Ukraine claims air successes as war enters fourth week

As the war in Ukraine enters its fourth week following Russia’s invasion on February 24, Ukrainian forces are still claiming to have caused significant casualties in the past 96 hours with 22 fixed- and rotary-wing aircraft shot down or hit during operations.  

While it has not been possible to independently verify the figures provided by the Ukrainian Ministry of Defence (MOD), the claims depict a battlespace that is still being hotly contested on land and in the air. Social media videos purport to numerous incidents of Russian aircraft being struck by man-portable air defence systems, many of which are being funnelled into the country by NATO.

Ukraine Air Force
A still image of Ukrainian Air Force MiG-29 fighters taken from a March 14 social media video from the Ukrainian MOD. It is not known when the video was shot. Ukrainian MOD social media

In figures released by the Ukrainian MOD on March 14, reporting figures from the previous 24-hour period, it was claimed that “four planes, three helicopters and unmanned aerial vehicles” were hit by the Ukrainian Air Force, with information on the type of aircraft “being clarified”.

Continuing, the MOD stated that the 24 hours prior to 0600hrs on March 15 saw Russia lose “four helicopters, one plane” shot down, as well as the interception of a cruise missile. Figures from March 16 stated ‘three planes’ from Russia’s military, including two Su-34 multi-role fighters, shot down, as well as another helicopter, three “tactical UAVs” and two cruise missiles.

At the time of publishing, requests from Key.Aero for comment from the Ukrainian MOD regarding its successes had not been answered.

Since the start of operations began, Ukraine has claimed significant success in its defence of its territory against Russian forces. According to figures posted on social media on March 15 by the Ukrainian Ministry of Foreign Affairs, 81 fixed-wing aircraft, 95 helicopters, and nine UAVs of various types from Russia’s military have been lost in combat.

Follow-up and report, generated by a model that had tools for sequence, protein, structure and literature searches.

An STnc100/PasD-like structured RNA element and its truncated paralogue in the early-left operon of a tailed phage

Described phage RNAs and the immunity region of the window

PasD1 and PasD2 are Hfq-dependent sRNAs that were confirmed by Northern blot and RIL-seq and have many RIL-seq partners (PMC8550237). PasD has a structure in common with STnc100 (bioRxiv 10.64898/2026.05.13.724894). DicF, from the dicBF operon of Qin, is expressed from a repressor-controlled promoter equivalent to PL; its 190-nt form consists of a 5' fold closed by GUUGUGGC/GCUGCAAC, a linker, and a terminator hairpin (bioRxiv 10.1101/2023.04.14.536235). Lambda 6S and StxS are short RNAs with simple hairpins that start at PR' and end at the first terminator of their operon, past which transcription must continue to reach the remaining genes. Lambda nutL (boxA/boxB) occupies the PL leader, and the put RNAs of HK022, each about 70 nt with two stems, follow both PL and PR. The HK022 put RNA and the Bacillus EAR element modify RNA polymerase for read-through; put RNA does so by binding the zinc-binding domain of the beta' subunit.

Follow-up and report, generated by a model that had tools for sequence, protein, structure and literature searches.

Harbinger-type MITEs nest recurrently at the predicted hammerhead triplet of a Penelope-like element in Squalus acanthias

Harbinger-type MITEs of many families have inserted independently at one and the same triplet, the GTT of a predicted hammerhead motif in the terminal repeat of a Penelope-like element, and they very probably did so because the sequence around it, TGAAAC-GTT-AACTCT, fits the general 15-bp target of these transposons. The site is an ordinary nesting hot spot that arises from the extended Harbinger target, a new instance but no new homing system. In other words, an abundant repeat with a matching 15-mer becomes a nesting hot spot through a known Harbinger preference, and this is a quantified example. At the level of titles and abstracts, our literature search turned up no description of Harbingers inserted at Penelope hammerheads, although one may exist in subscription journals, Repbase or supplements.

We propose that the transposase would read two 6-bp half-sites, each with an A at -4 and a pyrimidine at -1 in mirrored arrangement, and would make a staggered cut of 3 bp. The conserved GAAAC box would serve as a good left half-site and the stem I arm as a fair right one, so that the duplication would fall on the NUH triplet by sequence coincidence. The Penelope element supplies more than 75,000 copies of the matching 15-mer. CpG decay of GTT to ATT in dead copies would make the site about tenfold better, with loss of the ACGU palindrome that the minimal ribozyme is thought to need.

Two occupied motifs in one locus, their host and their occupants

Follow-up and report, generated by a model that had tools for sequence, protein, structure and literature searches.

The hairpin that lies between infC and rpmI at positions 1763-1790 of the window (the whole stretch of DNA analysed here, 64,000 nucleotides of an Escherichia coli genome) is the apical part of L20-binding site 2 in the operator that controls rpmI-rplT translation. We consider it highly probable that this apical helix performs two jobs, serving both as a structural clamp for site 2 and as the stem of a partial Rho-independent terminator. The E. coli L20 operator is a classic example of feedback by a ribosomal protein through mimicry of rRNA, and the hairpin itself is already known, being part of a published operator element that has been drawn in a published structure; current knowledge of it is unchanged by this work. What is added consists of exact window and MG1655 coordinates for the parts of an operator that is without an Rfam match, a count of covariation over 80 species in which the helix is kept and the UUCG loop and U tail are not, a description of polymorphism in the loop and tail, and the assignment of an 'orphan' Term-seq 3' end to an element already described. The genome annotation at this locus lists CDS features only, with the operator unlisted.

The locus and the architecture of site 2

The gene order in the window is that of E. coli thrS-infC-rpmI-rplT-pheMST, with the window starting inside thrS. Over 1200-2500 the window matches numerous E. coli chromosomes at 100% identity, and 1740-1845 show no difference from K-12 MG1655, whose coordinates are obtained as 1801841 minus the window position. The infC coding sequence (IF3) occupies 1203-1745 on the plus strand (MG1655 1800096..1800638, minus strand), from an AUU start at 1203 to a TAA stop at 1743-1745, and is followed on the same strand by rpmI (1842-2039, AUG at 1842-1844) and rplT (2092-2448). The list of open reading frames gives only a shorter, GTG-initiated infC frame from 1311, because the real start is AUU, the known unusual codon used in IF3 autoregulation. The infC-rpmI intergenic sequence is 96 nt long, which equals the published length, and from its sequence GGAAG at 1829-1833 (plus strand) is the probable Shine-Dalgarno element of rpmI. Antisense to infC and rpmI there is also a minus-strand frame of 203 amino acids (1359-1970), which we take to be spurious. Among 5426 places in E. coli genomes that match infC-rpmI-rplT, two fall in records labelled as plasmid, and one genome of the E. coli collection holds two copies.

A March 16 update from the Ukrainian MOD stated 84 fixed-wing, 108 helicopters, and 11 UAVS, representing an increase in Russian of three, 13 and two aircraft respectively between March 15-16.

Justin Bronk, airpower research fellow at the Royal United Services Institute think tank, said that the estimation for Russian fixed-wing losses was “between 15 and 20 fast jets so far”, based on those to have been visually confirmed as wreckage or seen to fall in Russian controlled or Belarusian territory

“For [Russian] helicopter losses, confirmed losses currently stand at around 30 - and might be slightly higher in reality,” Bronk told Key.Aero.

Russia has kept a tight lid on revealing its own military losses, although in recent days has begun to provided details. However, while one side inflates successes so too will the other claim to have suffered less than might be the case.  

The war, as it stands, appears set to grind on, with Russian advances slowing in recent days to a near standstill in the north of Ukraine, while advances have been made in the south of the country as Russia attempts to secure a land corridor from its Crimean forces to those operating in the east.

The TASS news agency in Russia has reported that Ukraine’s Kherson Region in the south of the country was now “fully under control” of Russian forces, according to a Ministry of Defence announcement on March 15.

Meanwhile, a fourth round of economic sanctions by the European Union against Russia saw the targeting of ‘key companies in the aviation, military and dual use, shipbuilding and machine building sectors’, according to a March 15 release from the European Council.

Russia and neighbouring Belarus has been hit hard by sanctions from Western and other global powers, as the outcry over the invasion of Ukraine continues. However, both countries have moved to secure key lines of material support to help mitigate the impact.

During bilateral meetings on March 14, Russian officials announced that they were “confident” that “illegitimate economic sanctions” will not hinder development of Russia-Belarus ties, according to an official release.

Belarusian officials meanwhile said they were “counting on Russian support”, seeking for debt restructure and the fixing of country’s natural gas prices in roubles, current with wholesale gas prices for Russian regions.

On defence, officials said that they were looking to remove “administrative barriers” in military-technical cooperation, and the need to take “a very detailed look at co-operation in the military-industrial sphere.”